From The Australian:
US tech magnate Elon Musk is so confident he can fix South Australia’s energy woes he declared Tesla will get a statewide system installed and working 100 days from signing a contract, or it’s free.
Mr Musk, who runs electric car giant Tesla, which recently merged with his solar energy outfit SolarCity, was responding to Atlassian boss Mike Cannon-Brookes who tweeted ‘Holy s#%t’ in reference to the plans.
“[SolarCity co-founder] Lyndon & @elonmusk — how serious are you about this bet? If I can make the $ happen (& politics), can you guarantee the 100MW in 100 days?,” Mr Cannon-Brookes asked.
“Tesla will get the system installed and working 100 days from contract signature or it is free. That serious enough for you?” was the response from Mr Musk.
And there it is. That easy to fix! Of course this is a gimmick to coincide with the launch of the Tesla Powerwall 2 range yesterday but the thrust of it is right. We don’t need to go back in time to stabilise the grid with coal. Personal and industrial scale storage can do it. Solar and wind are already the cheapest levelised cost of power at the utility scale:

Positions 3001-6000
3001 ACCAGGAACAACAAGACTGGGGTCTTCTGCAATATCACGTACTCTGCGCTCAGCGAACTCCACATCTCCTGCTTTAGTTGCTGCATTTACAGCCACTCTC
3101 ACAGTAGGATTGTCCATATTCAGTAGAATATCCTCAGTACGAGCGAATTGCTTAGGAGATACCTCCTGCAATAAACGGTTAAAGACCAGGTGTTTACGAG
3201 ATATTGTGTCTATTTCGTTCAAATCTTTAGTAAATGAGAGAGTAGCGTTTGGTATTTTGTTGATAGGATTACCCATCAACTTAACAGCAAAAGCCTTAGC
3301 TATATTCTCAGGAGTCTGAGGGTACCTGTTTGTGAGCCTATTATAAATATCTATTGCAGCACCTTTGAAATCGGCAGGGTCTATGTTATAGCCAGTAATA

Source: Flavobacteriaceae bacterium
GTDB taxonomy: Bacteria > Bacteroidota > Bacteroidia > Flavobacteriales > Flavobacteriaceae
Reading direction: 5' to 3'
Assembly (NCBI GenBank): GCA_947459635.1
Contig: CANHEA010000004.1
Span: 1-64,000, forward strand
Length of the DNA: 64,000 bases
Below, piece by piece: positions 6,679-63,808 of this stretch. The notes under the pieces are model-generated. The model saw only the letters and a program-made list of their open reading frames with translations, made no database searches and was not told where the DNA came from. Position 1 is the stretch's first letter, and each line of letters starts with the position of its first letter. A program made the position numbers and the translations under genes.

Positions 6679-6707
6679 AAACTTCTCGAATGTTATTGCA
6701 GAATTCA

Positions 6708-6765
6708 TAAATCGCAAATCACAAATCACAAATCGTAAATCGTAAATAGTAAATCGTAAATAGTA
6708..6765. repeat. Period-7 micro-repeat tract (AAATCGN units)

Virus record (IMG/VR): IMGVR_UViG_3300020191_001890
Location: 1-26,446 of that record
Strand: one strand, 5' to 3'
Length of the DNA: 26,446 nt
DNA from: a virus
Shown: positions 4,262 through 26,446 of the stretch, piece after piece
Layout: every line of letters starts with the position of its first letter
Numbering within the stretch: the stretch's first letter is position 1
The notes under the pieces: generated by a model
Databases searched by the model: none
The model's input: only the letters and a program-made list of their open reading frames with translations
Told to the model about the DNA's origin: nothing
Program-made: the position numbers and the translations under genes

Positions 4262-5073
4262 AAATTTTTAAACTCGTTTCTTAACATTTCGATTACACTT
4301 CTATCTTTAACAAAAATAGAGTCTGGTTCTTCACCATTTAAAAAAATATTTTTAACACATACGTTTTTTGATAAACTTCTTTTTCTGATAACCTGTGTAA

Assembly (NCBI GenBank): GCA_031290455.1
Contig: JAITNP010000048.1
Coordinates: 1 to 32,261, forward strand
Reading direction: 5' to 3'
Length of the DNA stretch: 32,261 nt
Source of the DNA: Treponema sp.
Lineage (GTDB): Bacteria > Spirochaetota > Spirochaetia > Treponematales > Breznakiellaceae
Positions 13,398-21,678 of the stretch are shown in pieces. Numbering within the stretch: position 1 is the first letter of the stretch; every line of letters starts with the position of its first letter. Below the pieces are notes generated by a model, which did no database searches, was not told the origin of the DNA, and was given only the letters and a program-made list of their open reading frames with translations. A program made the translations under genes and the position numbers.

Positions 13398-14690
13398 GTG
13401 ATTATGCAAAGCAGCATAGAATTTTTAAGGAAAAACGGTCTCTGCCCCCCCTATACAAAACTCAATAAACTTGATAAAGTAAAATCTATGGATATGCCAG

When it comes to adding utility scale storage as a stabiliser for intermittent power, the appropriate comparison is with the gas peaking plant above. Batteries are already competitive. Unfortunately I only have the 2015 levelised cost of storage:
But battery costs have fallen -40% since then:
My rough estimate is that utility scale battery storage is already cheaper than gas peaking plants on a levelised cost basis and it will keep falling whereas gas is going up! The Age records batteries as very cheap:
The Californian company’s energy products vice-president Lyndon Rive said it could install up to 300 megawatt hours of grid-scale battery storage in that timeframe at a cost of about $66 million per 100 megawatt hours.
“If you had storage deployed during the blackout [in] South Australia you wouldn’t have had the blackout,” Mr Rive said.
It is understood the company believes the proposal would require a change in electricity market rules, but not a direct subsidy.
Tesla is not the first to make this sort of suggestion. Zen Energy, chaired by economist Ross Garnaut, last month said its proposal for a $100 million large-scale solar plant with battery storage could solve most of South Australia’s electricity problems if rules were changed to make it viable.
Gas does, however, have the rather large advantage of already having been built, which is where the politics come in.
All of that anti-renewables Do-nothing bluster blowing in the wind.